MERIDEN — Former police officer Evan Cossette is asking for home confinement, community service and probation instead of jail time when he’s sentenced Monday, according to documents filed this week in U.S. District Court.
Cossette, the son of Police Chief Jeffry Cossette, was indicted in November on charges of using excessive force during the arrest of Pedro Temich and falsifying a report on the incident. The incident was caught on a surveillance video that proved the most damning evidence against Cossette. A jury convicted him on both charges in June.
U.S. District Court Judge Janet Arterton denied Cossette’s request for an acquittal Wednesday. Based on Cossette’s offenses and no criminal history, federal sentencing guidelines suggest a sentence of between 27 and 33 months and fines from $6,000 to $60,000. The guidelines are not mandatory but represent a factor the district court must consider in imposing a reasonable sentence, according to court documents.
In a pre-sentencing memorandum, Cossette’s attorney, Raymond Hassett, described Cossette as a “well-liked profoundly caring and giving young man, who was remarkably dedicated to his family, friends, community and his young career as a police officer.”
Hassett described numerous letters written on his behalf whose writers point to Cossette’s involvement in community outreach since an early age.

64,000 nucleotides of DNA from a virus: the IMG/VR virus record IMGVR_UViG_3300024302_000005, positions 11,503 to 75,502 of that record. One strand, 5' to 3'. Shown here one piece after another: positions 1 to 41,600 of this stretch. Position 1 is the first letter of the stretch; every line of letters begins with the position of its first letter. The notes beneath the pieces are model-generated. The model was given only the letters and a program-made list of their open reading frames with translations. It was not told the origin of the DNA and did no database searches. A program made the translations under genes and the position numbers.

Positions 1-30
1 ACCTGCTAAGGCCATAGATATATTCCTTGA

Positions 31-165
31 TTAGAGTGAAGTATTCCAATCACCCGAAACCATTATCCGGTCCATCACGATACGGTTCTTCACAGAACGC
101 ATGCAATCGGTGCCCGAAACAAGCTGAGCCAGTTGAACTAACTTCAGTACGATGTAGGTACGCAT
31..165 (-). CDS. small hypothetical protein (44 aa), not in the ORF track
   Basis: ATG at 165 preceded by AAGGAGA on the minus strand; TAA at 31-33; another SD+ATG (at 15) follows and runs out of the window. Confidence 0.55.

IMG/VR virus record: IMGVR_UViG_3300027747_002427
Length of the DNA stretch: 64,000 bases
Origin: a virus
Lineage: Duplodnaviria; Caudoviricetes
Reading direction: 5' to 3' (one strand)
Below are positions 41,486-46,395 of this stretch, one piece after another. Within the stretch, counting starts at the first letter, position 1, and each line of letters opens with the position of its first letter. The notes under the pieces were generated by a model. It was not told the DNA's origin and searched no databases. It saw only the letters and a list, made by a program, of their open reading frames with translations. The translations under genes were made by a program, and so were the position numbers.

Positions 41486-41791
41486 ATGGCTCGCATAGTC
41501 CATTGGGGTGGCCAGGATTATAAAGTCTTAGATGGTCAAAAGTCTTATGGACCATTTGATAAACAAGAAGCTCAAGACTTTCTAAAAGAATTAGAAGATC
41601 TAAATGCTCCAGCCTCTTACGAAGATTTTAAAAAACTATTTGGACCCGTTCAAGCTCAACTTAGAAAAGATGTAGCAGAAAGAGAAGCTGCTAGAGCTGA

“The split-second decision that he made on May 1, 2010 does not define Mr. Cossette’s life,” Hassett wrote. “The two-second video clip from inside the (Meriden Police Department) does not erase the 26 years of good that Evan Cossette has represented.”
Hassett states that no incarceration is necessary to protect the public from Cossette — he resigned from the police force the day after his conviction — and he is not in need of treatment or medical care.
“Given Mr. Cossette’s family upbringing, education and prior criminal history, it is extremely unlikely that Mr. Cossette will engage in future criminal activity and thus the interest in protecting the public from such conduct is non existent,” Hassett wrote. “For these reasons, the defendant submits that incarceration, for the purposes of protecting the public from further crimes, is unnecessary.”
U.S. attorneys, while acknowledging the 27 to 33 month guideline as acceptable, reminded the court in Wednesday’s filing that the jury rejected the defendant’s sworn police report as well as his testimony under oath in open court.
“This case is about more than Evan Cossette,” wrote Assistant U.S. Attorney Paul H. McConnell. “It is also about Pedro Temich, who was the victim of Officer Cossette’s excessive force. It is about a police officer’s oath.”
McConnell is asking the court to consider a criminal defendant’s false testimony at trial when imposing an appropriate sentence, and states that Cossette willfully and materially committed perjury. He states that “a police officer’s official status gives him credibility and creates a far greater potential for harm than exists when the average citizen testifies.”
“Officer Cossette’s rejected testimony and his mendacity critically reflect his character and his need for rehabilitation,” McConnell states. “In light of the influential effect that Officer Cossette’s rejected testimony and his mendacity has on the offense in the case at bar, the United States respectfully requests this court to consider them in imposing a just and appropriate sentence. The defendant’s identity as a police officer was used as a shield and a sword against the rule of law.”
Cossette will be sentenced in U.S. District Court in New Haven at 9 a.m. Monday.